Monday, June 2, 2008

Be Thankful for What You Had

On the American Top Forty for June 8, 1974, Casey Kasem told a sweet story of an R&B singer named William DeVaughn, who worked for seven years drawing up plans for sewers in his hometown of Washington, D.C., while he tried to get his singing career off the ground. According to Casey, DeVaughn started thinking about quitting his day job when his hit song, "Be Thankful for What You Got," hit the Hot 100. When it crashed the Top Forty three weeks later, DeVaughn hung up his drawing tools.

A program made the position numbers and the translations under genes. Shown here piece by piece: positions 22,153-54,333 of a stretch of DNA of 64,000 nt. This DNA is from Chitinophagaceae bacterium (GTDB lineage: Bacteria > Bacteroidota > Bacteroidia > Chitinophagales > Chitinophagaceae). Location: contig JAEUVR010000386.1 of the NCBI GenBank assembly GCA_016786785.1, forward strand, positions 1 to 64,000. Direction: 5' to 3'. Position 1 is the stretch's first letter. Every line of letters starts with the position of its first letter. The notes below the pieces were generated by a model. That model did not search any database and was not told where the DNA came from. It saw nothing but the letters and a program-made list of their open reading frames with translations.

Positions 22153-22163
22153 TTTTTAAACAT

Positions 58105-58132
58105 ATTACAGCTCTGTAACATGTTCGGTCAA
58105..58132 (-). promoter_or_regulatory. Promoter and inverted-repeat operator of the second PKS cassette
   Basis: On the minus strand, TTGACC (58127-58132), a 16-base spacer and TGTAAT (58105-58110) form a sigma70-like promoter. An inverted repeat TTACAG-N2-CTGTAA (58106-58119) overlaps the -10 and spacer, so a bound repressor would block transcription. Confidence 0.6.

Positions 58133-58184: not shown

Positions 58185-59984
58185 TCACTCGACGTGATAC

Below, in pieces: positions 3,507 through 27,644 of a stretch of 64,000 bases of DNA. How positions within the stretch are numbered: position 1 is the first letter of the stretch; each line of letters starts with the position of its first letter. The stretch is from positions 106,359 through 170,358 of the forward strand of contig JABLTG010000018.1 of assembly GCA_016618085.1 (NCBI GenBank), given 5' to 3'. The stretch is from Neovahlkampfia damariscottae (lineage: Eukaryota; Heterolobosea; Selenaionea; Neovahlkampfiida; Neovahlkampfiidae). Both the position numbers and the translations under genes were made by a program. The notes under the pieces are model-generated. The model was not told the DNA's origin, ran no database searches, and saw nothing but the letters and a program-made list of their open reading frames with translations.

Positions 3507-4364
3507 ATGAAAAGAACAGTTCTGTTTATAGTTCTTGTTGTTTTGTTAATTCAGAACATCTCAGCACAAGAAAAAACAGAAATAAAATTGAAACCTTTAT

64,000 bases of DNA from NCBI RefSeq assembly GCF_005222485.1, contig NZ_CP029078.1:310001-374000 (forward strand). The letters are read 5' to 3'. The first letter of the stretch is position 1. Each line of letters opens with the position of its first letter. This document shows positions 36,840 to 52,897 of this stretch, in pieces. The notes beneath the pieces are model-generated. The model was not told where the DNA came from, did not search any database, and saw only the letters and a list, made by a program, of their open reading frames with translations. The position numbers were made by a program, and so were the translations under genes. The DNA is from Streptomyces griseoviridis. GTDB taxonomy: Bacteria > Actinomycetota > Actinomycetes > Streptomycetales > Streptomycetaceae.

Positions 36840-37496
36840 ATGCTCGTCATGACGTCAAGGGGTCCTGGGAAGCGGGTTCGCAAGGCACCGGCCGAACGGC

You see where this is going, don't you? DeVaughn's hit, a slight R&B number of little distinction sung in a smooth Curtis Mayfield-type near-falsetto, was at Number Eleven when Casey spun his little tale. It would eventually reach Number Four, which probably made DeVaughn's decision look pretty good. In fact, DeVaughn's choice seemed wise for ten weeks, which is as long as "Be Thankful for What You Got" lasted in the Top Forty.

DeVaughn's second single, "Blood Is Thicker Than Water," topped out at Number 43 in the summer of 1974, and that was more or less it. There were no more hits, and according to Wikipedia, DeVaughn eventually went back to drafting. I'm sure they were happy to have him back.

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